A romantic suspense novel is a romance associated with a suspense story or conversely a suspense story with a romance attached. A lot of romance readers don’t like them because the suspense element gets in the way of the love story and a lot of suspense readers feel that the love story gets in the way of the suspense building up. The genre is a hybrid and different books prioritise the different elements. As I enjoy both suspense and romance it is the ideal mixture for me.

A typical romantic suspense novel has a woman in peril because she ...

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My April Reading - lots of novels (some of them very long)

Posted: May 1st 2018, 11:36pm By: Anne


April was a month of showers, sudden sun, snow and many books – 30 in total for the month.

It also included my 100th book read of the year to date. This was “A Stranger in the House” by Shari Lapena. It is a psychological mystery with lots of turns and twists. The plot is well done and I certainly didn’t work out everything that was happening but like “Gone Girl” I thought that the author sacrificed characterisation for cleverness so I didn’t engage as much as I could have. I borrowed this book from my sister in law and it was fine but if I ever get to review it I shall only award it three stars. If I had realised that it was going to be my one hundredth I might have chosen something more meaty or worthy.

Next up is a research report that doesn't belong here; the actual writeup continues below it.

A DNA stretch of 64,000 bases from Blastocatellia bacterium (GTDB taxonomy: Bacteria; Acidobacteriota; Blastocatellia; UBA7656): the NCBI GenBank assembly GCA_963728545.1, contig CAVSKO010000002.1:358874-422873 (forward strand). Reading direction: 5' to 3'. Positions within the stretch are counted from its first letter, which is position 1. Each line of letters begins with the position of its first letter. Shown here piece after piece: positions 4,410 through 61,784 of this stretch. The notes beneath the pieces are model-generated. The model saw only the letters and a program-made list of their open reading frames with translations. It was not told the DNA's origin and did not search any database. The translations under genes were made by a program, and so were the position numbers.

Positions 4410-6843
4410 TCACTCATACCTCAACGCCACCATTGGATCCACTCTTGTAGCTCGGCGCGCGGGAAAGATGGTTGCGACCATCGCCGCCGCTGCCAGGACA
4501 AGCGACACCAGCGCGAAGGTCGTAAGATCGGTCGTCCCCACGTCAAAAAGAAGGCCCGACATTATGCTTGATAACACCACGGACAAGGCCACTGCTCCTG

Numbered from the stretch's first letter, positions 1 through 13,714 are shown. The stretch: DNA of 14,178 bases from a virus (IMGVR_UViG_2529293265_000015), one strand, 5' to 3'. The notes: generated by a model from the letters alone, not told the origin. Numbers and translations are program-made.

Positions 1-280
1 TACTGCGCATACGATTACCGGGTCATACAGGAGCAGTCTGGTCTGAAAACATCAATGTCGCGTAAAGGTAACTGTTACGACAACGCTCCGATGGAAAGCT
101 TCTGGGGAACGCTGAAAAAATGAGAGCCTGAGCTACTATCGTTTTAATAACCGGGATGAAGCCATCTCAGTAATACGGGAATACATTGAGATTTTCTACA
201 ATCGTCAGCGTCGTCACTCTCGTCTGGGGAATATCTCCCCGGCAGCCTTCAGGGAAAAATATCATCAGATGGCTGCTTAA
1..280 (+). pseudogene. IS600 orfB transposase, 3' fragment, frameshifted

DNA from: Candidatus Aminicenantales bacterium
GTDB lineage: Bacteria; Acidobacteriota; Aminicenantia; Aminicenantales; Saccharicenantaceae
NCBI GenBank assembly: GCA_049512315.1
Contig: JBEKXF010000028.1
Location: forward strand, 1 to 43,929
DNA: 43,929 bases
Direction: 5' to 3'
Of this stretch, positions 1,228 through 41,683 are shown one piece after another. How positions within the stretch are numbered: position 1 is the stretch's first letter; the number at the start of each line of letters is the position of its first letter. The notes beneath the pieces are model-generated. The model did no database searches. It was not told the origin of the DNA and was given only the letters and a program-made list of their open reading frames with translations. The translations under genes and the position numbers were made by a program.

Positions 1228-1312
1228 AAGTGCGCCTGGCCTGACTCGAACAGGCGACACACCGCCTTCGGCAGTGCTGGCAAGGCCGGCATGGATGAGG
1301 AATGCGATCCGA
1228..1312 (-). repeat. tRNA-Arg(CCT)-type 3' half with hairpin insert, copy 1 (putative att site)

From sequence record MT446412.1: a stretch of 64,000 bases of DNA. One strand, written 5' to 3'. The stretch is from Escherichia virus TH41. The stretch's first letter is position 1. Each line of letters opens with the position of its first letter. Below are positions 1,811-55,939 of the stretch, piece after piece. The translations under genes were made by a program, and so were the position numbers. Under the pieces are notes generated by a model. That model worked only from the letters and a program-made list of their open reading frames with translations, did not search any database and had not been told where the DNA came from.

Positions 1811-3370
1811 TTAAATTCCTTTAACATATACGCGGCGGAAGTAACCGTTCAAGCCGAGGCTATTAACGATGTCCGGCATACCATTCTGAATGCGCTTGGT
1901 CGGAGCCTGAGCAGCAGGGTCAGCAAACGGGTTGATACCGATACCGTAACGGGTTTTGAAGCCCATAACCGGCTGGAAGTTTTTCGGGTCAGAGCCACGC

The theme for April seems to have been literary fiction. By that I mean nove ...

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K is for Klingon and other made up languages

Posted: Apr 18th 2018, 10:05pm By: Anne


I love fantasy novels. In the past I read an enormous amount of epic fantasy series although now my attention has turned more to urban fantasy and alightly shorter books. I have also especially enjoyed those where the author has invented whole new worlds, and even better if they have provided a map !. Many of these are based on Medieval England but there are also some which use different historical periods and backgrounds as a base for their world building (Guy Gavriel Kay has books based on China and the Eastern Mediterranean, JK Jemison’s novel are based on Egyptian history, as just two examples).